The possession of Toby harks back to the Hinchcliffe days, when some hapless soul would be taken over by an alien force. Toby joins the ranks of Marcus Scarmans, Noahs and Harrison Chases, and his other-worldly possession nicely clashes with his rather timid persona. The scene in which he stands outside the base without a protective suit and kills an uncomprehending Scooti is a particularly memorable one, as is the brief scene in the tunnel when he briefly shooshes the Ood, just when you think he's been freed of the influence. It's a classic bit of writing – making the audience unsure as to whether the character's still possessed or not. The make-up and the red eyes add to the terror, not to mention the deep, booming voice from the one and only Gabriel Woolf in a great In-No-Way-Is-The-Big-Bad-Sutekh cameo.
There's a great deal of dread and terror running throughout The Impossible Pit, particularly the first part. Take the initial Beast contact with Toby – like all effective horror films and books, the scene works on a very simple gimmick, the old 'Don't Turn Around' scenario. It's the sort of thing that kids play, whether in schools or in the back garden, so tapping into these everyday games and putting a threatening spin on them sells that deep-rooted primal fear.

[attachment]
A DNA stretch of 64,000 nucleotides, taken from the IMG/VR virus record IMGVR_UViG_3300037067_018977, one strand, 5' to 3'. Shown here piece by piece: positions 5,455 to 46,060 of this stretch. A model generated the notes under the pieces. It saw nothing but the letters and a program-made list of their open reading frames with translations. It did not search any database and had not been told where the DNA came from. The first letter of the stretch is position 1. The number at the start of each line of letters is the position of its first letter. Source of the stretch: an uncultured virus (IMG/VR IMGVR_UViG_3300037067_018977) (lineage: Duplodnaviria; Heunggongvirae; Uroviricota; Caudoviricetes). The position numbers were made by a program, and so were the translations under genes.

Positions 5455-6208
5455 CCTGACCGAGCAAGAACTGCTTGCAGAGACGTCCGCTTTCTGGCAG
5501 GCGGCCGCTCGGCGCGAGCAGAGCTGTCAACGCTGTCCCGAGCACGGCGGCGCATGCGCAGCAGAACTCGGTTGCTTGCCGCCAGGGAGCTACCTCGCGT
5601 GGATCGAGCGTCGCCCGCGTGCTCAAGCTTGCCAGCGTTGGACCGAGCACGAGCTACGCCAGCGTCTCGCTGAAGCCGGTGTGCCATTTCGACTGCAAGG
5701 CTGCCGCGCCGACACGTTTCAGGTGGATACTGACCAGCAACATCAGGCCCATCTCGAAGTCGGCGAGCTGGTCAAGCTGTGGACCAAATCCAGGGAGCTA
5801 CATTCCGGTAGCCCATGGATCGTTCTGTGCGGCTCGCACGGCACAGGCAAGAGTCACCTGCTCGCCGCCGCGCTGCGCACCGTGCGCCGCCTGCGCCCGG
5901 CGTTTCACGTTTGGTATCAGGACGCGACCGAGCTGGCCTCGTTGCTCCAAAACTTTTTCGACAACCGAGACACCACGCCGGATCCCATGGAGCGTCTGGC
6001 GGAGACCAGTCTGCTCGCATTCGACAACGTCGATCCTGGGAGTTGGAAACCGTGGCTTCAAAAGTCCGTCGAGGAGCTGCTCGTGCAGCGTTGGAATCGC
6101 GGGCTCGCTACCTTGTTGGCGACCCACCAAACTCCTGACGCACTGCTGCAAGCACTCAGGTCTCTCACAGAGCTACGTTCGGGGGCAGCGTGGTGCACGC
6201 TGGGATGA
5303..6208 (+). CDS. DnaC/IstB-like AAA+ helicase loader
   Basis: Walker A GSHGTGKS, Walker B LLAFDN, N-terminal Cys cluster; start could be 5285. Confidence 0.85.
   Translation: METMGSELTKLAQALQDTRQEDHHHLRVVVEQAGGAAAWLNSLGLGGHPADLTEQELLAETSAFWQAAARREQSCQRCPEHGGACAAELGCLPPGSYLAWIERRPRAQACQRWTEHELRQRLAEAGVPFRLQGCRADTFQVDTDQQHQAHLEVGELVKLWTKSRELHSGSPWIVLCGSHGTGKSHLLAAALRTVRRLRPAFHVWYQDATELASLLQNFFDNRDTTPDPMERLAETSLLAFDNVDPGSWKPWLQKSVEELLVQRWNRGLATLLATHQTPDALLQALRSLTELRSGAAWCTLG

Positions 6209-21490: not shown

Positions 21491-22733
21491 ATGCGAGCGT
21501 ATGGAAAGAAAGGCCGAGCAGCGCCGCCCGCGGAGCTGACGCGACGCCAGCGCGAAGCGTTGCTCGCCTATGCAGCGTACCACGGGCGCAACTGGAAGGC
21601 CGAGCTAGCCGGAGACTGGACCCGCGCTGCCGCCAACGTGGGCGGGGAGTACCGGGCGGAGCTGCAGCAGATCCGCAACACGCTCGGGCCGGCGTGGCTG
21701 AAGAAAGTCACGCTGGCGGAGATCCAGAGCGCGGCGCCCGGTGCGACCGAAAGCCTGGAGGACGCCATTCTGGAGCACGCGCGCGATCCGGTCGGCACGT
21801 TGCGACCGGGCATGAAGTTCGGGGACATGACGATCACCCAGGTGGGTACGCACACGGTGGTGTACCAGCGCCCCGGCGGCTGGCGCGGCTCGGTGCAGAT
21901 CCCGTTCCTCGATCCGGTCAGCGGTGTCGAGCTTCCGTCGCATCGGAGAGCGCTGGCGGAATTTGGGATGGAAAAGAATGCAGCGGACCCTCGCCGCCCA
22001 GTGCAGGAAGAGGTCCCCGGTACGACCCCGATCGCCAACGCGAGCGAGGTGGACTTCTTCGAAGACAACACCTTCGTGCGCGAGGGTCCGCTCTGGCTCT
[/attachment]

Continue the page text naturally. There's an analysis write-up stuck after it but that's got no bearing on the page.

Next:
The first instalment has a queasy air of claustrophobia running through it, with darkened tunnels, flickering lights and eerie blasts of Ravel's Bolero. The story marks the début of director, James Strong, and he takes to the show like a duck to water. He's got a good grasp of producing imaginative, well-considered shots, such as the cross fade from the port hole to Toby's magnifying glass, and also a good talent for knowing when to alternate between fast-paced action and moody contemplation.
The production values for The Impossible Pit are superb – the so-called flat pack industrial interiors are very convincing, as are the scenes on the surface of the planet, all murky shadows and rocks. The Beast too, is well realised, although the Innovation Awards this time around, go to the Ood, one of the best new alien races presented in the reboot of Doctor Who.